(Look for other mysteries by this author. The series appears to be about a relaxed/eclectic homeschooling family.)
by Judy Blume
In this book, Fudge's family unexpectedly encounters distant relatives from Hawaii while visiting Washington, D.C. The other family returns with Fudge's to stay with them for a while in New York, and a series of comedic antics follows. The cousins are homeschooled, although homeschooling, in this instance, is portrayed in a more "comical" and stereotypical way rather than a realistic or particularly favorable one.
(Ages 8-12. The "Fudge" books are, of course, part of a series but not one generally having anything to do with homeschooling)
Double Trouble Squared: A Starbuck Family Adventure, Book 1
by Kathryn Lasky
"When their father accepts a new job in England, July, Liberty, and their family find themselves exploring the foggy streets of London. The twins try to discover the source of the voice only they can hear--a voice that needs their help. Using telepathy and their individual talents, the twins uncover a long-lost manuscript of Sir Arthur Conan Doyle’s, along with the ghost of Sherlock Holmes’s forgotten twin brother."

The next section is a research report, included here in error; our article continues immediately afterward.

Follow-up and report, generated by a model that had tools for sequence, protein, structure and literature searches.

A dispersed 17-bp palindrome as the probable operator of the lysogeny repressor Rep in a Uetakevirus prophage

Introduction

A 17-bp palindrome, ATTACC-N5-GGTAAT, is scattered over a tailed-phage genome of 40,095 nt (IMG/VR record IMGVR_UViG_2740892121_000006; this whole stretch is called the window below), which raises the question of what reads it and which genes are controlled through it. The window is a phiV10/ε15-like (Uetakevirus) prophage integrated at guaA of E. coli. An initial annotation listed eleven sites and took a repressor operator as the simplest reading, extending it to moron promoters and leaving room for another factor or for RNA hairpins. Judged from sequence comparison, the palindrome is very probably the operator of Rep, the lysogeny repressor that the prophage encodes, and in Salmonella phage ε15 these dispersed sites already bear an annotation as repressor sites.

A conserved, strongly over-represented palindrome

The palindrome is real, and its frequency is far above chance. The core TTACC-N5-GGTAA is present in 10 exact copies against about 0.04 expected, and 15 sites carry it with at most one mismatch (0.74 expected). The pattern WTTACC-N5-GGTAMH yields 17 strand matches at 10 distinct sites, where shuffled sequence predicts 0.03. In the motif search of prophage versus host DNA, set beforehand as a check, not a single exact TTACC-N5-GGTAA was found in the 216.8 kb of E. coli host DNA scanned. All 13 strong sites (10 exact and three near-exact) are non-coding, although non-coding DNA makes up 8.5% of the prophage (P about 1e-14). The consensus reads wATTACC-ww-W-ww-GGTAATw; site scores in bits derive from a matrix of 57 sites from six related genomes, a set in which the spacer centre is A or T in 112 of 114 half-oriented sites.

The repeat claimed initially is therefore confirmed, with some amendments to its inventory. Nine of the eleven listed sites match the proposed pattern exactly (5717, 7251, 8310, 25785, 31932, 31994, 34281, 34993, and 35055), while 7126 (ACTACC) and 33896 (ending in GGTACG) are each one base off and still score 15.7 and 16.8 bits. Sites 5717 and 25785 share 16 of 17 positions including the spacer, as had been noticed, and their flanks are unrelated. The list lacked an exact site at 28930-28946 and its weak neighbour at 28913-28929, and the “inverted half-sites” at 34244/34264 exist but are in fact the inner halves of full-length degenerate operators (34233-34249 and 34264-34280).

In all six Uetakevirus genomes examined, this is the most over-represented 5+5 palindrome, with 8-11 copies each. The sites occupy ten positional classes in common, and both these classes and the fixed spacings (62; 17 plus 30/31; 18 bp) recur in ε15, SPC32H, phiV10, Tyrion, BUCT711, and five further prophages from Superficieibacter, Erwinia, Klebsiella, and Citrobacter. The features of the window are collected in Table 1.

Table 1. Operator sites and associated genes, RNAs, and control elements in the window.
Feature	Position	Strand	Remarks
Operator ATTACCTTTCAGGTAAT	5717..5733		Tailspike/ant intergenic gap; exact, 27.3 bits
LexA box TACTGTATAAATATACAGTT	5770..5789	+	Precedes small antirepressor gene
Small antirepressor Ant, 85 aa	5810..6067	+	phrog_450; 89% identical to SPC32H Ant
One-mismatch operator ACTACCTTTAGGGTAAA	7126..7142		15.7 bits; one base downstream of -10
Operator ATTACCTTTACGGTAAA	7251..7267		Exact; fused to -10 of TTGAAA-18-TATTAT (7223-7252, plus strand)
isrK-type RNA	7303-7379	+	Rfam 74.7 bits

(Ages 9-12; the twins in this series appear to be homeschooled by their Nanny, a former public school teacher, who travels with the family. Series continues with "Shadows in the Water" and "A Voice in the Wind").
Drift House: The First Voyage
by Dale Peck
In this fantasy/adventure, three children are sent to live with their eccentric uncle in the aftermath of September 11. He lives in a strange ship-like home called the Drift House. 12 year old Susan and her two brothers unwittingly set the Drift House adrift into the Sea of Time where they meet fantastic creatures and have fantastic adventures.
Education of Little Tree, The
by Forrest Carter
"The Education of Little Tree tells of a boy orphaned very young, who is adopted by his Cherokee grandmother and half-Cherokee grandfather in the Appalachian Mountains of Tennessee during the Great Depression. "Little Tree," as his grandparents call him, is shown how to hunt and survive in the mountains and to respect nature in the Cherokee way- taking only what is needed, leaving the rest for nature to run its course. Little Tree also learns the often callous ways of the white businessmen and tax collectors, and how Granpa, in hilarious vignettes, scares them away from his illegal attempts to enter the cash economy. Granma teaches Little Tree the joys of reading and education. But when Little Tree is sent to an Indian boarding school run by whites, we learn of the cruelty meted out to Indian children in an attempt to assimilate them, and of Little Tree's perception of the Anglo world and how it differs from the Cherokee way."
by Lousia M. Alcott